“Like all history, the Civil War ‘is never dead. It’s not even past.’ The authors in this volume highlight the many ways the Civil War continues to loom large in our national memory and offer thoughtful suggestions for how teachers might help their students critically examine the relationship between the past and present. As this volume persuasively argues—only by understanding our past can we collectively envision our future.”

—Abby Reisman, University of Pennsylvania

“No single event in American history generates as much passion—or as much distortion—as the Civil War. Providing rich historical analysis as well as practical suggestions for presenting it, this volume will help teachers illuminate the complexities of a conflict that continues to unite, divide and inspire us.”

—Jonathan Zimmerman, University of Pennsylvania

This eBook can be cited

This edition of the eBook can be cited. To enable this we have marked the start and end of a page. In cases where a word straddles a page break, the marker is placed inside the word at exactly the same position as in the physical book. This means that occasionally a word might be bifurcated by this marker.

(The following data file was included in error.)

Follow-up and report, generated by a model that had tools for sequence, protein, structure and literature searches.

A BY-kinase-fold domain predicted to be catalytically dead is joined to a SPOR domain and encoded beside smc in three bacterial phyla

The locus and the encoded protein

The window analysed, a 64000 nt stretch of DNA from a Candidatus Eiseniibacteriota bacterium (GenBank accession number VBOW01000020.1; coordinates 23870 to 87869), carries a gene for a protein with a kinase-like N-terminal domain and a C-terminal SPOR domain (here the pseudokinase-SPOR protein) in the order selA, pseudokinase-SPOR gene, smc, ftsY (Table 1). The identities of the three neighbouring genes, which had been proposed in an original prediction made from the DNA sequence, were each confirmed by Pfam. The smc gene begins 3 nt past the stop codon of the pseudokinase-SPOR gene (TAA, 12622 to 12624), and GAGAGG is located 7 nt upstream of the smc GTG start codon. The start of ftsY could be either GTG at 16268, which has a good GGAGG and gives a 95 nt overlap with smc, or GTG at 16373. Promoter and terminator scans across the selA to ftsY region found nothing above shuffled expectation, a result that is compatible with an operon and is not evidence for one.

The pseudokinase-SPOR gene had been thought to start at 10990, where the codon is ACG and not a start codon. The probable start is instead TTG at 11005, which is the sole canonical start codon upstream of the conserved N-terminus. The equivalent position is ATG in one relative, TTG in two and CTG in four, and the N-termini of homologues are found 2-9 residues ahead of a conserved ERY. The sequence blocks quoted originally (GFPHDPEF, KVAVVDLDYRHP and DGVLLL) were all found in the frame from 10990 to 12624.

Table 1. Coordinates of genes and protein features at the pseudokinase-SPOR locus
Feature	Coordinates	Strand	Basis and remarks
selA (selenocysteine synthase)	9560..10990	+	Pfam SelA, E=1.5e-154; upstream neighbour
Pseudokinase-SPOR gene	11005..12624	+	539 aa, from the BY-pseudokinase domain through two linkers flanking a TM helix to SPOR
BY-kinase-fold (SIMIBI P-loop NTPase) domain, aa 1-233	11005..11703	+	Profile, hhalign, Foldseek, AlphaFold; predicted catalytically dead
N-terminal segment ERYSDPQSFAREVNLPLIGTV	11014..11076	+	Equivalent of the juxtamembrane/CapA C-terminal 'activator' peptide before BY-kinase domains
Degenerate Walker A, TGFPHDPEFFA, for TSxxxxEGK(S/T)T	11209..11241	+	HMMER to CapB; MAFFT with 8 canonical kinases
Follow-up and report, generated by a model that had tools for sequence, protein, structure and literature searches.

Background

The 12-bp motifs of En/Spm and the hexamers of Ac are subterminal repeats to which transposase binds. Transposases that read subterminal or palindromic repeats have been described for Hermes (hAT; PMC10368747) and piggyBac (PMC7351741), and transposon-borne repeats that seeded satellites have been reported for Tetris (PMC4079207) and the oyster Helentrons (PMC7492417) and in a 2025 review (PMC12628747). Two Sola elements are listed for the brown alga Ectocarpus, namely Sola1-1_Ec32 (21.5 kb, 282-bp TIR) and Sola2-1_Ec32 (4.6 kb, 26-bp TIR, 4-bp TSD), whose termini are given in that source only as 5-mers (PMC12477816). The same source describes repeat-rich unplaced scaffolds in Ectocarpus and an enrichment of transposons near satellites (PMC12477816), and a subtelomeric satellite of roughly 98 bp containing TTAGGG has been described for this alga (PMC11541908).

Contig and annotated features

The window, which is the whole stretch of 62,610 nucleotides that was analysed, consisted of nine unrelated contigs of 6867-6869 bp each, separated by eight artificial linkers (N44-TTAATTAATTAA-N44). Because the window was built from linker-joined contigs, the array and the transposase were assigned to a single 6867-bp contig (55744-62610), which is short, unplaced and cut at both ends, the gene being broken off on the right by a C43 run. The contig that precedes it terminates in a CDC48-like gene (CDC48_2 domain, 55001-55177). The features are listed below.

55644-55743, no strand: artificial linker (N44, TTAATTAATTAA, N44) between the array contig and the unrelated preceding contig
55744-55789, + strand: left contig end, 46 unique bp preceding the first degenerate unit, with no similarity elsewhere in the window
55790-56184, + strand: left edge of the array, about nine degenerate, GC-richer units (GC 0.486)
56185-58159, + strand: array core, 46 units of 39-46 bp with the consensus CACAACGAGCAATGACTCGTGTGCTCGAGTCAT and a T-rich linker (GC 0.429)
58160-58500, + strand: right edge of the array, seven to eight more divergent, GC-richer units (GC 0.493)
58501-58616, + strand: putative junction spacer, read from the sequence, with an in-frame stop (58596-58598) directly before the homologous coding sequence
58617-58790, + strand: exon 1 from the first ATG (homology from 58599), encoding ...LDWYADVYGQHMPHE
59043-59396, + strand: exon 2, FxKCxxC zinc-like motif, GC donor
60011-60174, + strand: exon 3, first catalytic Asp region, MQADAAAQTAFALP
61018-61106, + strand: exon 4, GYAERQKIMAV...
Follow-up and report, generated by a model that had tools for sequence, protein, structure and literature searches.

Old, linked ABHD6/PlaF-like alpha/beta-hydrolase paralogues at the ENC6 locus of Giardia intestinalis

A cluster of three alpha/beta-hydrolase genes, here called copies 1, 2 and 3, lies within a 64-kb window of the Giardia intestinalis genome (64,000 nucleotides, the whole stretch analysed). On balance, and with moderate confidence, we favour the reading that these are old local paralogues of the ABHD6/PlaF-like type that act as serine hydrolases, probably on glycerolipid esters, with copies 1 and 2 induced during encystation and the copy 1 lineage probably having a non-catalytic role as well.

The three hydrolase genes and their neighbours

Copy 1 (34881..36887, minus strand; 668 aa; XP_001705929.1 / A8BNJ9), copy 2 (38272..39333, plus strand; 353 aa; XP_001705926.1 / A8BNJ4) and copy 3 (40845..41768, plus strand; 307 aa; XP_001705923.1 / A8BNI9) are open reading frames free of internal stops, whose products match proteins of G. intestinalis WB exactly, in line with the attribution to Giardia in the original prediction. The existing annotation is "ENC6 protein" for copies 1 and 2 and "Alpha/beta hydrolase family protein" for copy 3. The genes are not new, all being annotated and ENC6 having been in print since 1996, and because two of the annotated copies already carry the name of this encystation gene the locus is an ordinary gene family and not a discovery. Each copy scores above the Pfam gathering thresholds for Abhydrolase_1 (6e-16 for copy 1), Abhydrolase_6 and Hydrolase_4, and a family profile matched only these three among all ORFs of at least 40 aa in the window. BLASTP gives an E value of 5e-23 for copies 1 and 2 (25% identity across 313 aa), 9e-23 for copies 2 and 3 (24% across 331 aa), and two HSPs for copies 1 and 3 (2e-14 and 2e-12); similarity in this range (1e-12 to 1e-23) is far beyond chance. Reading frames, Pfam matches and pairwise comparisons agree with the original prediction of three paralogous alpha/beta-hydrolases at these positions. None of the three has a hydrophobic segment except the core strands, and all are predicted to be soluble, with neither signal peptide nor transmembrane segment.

Details

Pages
XIV, 196
ISBN (PDF)
9781433155284
ISBN (ePUB)
9781433155291
ISBN (MOBI)
9781433155307
ISBN (Softcover)
9781433174179
ISBN (Hardcover)
9781433174315
Language
English
Publication date
2020 (August)
Published
New York, Bern, Berlin, Bruxelles, Oxford, Wien, 2020. XIV, 196 pp., 19 b/w ill., 8 tables.

Biographical notes

Michael E. Karpyn (Volume editor)

Michael E. Karpyn teaches history, economics and U.S. government at Marple Newtown Senior High School in Newtown Square, Pennsylvania. He earned a BA in history from Gettysburg College, an MA in education from The Johns Hopkins University and an EdD in teaching, learning and curriculum from the Graduate School of Education at the University of Pennsylvania. He has served as a summer teacher fellow and sits on the Teacher Advisory Group for the Historical Society of Pennsylvania in Philadelphia, Pennsylvania.

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Title: Teaching the Causes of the American Civil War, 1850-1861